9. Now pose this final question. “Does the age of the former slave in these stories change how the view slavery?” Do we remember the good things that have happened in or lives better than the bad? Do we forget things that happened many years ago. Does the retelling of a story over and over cause us to change the ‘story’ with each telling?
10. If time allows, close the today’s lesson with a short video clip from either “Flames of Freedom” or “Chained to the Land”. Use a different segment for each class. Close the class with answers about what students saw in the segment.
11. Before students leave they will be asked to complete a “3-2-1” assignment. On a sheet of loose-leaf paper, they will be instructed to not put their name, but will answer the following questions. Write three things that they learned today, Write two things that interested or puzzled them, and write one question that they still have from today’s lesson.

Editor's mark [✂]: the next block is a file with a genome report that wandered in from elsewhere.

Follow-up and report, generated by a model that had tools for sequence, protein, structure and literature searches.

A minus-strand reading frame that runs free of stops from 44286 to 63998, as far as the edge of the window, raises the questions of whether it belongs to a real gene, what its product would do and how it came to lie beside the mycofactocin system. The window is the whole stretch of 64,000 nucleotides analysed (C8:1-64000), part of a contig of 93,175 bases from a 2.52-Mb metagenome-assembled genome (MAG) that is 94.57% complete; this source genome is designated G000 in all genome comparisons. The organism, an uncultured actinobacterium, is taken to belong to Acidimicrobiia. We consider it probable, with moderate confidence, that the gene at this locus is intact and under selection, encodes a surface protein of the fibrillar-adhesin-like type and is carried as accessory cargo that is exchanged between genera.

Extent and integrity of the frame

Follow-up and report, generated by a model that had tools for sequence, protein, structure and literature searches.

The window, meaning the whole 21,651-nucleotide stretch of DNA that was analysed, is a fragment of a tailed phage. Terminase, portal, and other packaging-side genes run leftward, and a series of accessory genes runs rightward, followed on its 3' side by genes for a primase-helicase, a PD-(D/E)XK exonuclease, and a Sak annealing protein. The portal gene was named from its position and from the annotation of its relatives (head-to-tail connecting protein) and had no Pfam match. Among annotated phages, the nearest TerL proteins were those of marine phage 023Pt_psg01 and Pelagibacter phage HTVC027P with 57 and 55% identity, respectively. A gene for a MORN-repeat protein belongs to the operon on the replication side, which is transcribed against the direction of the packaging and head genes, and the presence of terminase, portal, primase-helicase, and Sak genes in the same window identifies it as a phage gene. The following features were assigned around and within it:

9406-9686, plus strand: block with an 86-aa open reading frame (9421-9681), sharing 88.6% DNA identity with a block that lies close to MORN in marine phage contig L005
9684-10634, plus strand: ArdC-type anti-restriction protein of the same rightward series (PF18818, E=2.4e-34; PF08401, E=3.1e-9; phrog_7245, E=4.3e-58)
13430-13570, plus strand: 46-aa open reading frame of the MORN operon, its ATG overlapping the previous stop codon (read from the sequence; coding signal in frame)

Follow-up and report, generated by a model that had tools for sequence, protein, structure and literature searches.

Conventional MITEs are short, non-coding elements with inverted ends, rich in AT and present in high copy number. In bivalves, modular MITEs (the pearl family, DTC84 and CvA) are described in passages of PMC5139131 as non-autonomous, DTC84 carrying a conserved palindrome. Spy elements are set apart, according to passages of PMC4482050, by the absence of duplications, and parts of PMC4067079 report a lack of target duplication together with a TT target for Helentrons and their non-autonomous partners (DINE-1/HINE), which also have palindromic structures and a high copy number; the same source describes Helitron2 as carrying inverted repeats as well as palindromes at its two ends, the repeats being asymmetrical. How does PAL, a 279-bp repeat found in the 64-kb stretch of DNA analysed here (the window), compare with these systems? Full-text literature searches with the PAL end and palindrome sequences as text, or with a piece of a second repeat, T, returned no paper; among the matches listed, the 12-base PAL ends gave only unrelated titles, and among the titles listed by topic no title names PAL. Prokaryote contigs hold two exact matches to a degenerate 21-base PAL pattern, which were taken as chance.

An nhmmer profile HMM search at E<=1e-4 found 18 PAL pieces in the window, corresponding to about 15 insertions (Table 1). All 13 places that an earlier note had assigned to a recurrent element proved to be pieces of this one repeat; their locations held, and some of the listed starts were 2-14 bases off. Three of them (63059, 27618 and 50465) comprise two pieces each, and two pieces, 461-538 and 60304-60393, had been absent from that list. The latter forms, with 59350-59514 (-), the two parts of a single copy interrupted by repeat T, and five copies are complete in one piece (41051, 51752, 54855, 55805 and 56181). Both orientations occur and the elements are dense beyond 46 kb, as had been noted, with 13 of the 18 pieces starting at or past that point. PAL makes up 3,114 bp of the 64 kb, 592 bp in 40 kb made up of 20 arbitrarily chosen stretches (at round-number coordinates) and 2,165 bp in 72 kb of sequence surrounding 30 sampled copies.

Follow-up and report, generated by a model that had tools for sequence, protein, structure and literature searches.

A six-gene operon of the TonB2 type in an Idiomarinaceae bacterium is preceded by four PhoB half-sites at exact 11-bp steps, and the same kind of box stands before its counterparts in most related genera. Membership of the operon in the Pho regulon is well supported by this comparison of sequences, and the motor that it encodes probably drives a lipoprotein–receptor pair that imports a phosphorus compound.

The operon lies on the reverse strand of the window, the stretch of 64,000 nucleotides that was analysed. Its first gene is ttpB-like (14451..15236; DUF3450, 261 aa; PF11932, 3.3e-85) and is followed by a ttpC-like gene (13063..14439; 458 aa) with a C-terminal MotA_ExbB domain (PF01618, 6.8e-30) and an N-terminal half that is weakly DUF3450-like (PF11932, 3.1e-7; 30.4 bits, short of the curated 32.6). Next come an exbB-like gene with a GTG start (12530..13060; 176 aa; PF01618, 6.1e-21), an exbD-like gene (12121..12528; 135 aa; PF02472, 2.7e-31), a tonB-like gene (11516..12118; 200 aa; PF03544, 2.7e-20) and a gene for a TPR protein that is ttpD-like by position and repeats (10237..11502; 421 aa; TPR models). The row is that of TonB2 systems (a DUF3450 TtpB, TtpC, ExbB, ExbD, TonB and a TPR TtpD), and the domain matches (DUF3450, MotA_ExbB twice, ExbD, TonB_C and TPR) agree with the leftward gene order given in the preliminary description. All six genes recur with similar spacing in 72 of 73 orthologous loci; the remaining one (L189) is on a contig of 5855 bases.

12. This information will be used as a guide towards tomorrows lesson and help establish questions of discuss to give students a clearer understanding of the topic.


DAY THREE
1. Open class by handing the student another short except from “My Folks Don’t Want Me To Talk About Slavery” as they walk in the door. The question on the handout should be open-ended questions about what the student read and thought.
2. After picking up the excepts the teacher will ask a few additional questions and read the whole short story from which the passage came.